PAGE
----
Youth justice bills introduced in Maryland; Missouri mulls early release; Iowa and Kentucky consider expanding voting rights

This update is part of the weekly Political Report newsletter. Find more on our legislative round-up page.

A month after Governor Kim Reynolds proposed a constitutional amendment to restore the voting rights of people who complete a sentence for a felony conviction, the Des Moines Register released a poll this week that found that 64 percent of Iowans favor such a reform. But Kira Lerner reports in The Appeal that some lawmakers are demanding that the proposal include a requirement that people pay all restitution before regaining their voting rights. This would create a system where differences in financial ability affect whose rights are restored. Reynolds has the ability to act by executive order to re-enfranchise thousands of Iowans, as Democratic Governor Tom Vilsack did in 2005. Governor Terry Branstad, Reynolds’s Republican predecessor, rescinded Vilsack’s order, and Reynolds has chosen to keep it that way.
Kentucky’s harsh disenfranchisement statutes deprive more than one in four Black Kentuckians of the right to vote, according to the Sentencing Project. In December, the Political Report explored efforts to expand voting rights in the state, and a new effort just got off the ground: Senate Bill 238, filed last week by Senator Morgan McGarvey, would restore people’s voting rights once they complete their sentences for most felony convictions. The bill, which must be approved by lawmakers and then by voters, includes exceptions for certain crimes. It is backed, among other groups, by Americans for Prosperity, a conservative group that may have sway on the GOP lawmakers who govern the state.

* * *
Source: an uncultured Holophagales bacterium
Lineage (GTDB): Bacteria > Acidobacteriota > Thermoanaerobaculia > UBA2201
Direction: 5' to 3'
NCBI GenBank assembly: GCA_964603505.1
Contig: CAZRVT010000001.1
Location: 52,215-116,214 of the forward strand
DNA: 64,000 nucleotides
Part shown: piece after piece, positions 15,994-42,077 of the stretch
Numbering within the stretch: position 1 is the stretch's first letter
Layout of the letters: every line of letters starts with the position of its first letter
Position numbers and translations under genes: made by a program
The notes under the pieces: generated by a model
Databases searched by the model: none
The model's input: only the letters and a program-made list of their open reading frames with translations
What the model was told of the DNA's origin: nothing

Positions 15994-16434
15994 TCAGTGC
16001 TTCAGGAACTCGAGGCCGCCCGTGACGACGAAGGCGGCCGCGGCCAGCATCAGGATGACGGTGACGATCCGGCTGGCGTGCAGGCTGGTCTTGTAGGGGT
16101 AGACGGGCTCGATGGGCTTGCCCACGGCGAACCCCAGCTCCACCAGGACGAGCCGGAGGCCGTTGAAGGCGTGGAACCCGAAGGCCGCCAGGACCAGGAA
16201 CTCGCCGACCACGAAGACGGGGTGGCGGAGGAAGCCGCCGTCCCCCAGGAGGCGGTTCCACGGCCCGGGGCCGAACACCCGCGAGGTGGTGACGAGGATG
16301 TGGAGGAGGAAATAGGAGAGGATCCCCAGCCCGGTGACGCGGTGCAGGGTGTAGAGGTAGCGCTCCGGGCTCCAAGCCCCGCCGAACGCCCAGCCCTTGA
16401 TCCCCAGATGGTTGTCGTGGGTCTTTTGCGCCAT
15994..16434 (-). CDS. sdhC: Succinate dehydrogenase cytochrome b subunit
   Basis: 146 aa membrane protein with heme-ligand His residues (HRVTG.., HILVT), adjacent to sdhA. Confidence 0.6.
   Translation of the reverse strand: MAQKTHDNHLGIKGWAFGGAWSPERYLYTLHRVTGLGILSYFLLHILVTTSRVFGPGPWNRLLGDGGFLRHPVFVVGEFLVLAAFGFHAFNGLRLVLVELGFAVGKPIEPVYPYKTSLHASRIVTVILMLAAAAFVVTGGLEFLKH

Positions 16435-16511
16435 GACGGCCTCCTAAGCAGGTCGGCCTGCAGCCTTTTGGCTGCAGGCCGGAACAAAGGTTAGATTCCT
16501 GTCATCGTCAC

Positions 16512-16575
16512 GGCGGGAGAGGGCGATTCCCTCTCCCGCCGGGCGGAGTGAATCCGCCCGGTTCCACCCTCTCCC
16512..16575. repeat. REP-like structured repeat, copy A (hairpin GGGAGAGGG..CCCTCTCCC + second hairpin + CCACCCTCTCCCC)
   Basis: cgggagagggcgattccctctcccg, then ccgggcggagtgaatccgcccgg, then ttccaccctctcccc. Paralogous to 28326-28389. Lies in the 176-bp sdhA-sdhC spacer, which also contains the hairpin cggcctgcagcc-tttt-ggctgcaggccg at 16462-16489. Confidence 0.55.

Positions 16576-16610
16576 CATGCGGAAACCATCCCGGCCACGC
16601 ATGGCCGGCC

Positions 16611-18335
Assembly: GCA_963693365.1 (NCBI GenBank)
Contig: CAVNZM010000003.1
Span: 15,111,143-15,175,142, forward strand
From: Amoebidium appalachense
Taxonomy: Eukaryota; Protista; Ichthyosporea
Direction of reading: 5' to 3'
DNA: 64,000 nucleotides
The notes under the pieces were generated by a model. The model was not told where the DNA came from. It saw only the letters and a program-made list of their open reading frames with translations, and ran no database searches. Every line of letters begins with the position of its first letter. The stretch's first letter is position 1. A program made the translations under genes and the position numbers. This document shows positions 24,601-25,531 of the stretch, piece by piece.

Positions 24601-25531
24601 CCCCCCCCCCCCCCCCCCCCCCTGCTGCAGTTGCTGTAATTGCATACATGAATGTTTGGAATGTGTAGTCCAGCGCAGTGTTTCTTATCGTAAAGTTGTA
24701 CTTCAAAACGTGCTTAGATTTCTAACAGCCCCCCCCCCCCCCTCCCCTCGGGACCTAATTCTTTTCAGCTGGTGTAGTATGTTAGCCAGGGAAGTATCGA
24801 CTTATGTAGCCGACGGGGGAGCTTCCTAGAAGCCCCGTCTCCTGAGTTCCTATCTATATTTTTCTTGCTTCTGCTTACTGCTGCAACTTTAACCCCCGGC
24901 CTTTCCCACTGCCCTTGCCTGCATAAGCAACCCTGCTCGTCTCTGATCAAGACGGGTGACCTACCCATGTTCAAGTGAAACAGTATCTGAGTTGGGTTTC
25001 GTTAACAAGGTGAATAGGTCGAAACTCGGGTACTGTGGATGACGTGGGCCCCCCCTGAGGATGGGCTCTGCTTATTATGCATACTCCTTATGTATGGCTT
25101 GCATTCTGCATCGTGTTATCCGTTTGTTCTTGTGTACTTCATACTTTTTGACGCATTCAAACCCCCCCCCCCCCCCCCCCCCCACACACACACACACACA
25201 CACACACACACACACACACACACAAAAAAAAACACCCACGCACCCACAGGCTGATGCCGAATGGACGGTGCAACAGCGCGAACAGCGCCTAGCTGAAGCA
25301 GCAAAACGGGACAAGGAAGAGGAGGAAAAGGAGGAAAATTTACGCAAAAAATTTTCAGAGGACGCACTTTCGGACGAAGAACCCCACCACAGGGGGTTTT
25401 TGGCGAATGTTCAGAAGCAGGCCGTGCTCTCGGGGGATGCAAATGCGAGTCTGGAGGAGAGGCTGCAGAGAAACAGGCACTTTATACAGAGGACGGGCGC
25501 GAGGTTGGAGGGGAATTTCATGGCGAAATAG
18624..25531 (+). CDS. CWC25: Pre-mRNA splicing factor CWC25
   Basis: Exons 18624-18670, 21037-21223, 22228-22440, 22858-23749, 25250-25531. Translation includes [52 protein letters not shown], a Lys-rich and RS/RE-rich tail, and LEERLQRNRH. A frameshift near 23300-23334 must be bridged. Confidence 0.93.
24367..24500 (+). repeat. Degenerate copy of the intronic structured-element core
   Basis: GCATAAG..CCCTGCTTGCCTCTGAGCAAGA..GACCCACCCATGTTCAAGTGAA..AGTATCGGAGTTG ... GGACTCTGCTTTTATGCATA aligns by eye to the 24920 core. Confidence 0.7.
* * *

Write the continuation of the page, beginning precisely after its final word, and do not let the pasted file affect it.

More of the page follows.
Lawmakers have also introduced bills to reform the process by which some people can petition to expunge low-level felonies and regain their rights. That requires a prohibitive $500 fee, one of the country’s highest, which connects differences in financial capacity with the ability to regain voting rights. House Bill 155 would expand the expungement process, and reduce the fee to $200; Senate Bill 215, also introduced by McGarvey, would reduce the fee to $20. Governor Matt Bevin, a Republican who is up for re-election this year, recently expressed his comfort with the status quo. “When I hear a person who has a brand new $500 tattoo who tells me they don’t have $500, it’s hard for me to believe it,” he said.
Children as young as 7 can face charges in the state’s juvenile justice system. Proposed legislation (House Bill 659) would restrict the circumstances under which children younger than 12 can be incarcerated. “Detention may not be continued beyond emergency detention for a child under the age of 12 years unless the child is alleged to have committed an act that, if committed by an adult, would be a crime of violence,” says the bill. This is just one of a range of bills introduced in the legislature this year to reform the juvenile justice system; House Bill 418, for instance, seeks to make the transfer of minors into adult court more difficult.
Two bills expanding early release are moving forward in the House, reports the St. Louis Post-Dispatch. The first (House Bill 113) would authorize judges to order the release of individuals after a shorter period of time than their sentence mandates. The bill would not apply to higher categories of offenses. HB 113 is supported by Speaker Elijah Haahr and by the Missouri Department of Corrections, which says it would affect hundreds of incarcerated individuals, but not by the Missouri Association of Prosecuting Attorneys. Greene County Prosecuting Attorney Dan Patterson, the association’s president-elect, said increasing judicial discretion would make for uneven sentencing. The second bill (House Bill 352) would grant  parole hearings to individuals who are serving lifetime sentences, are older than 65, and have served at least 30 years. The bill would apply only to individuals who have been convicted of a single felony.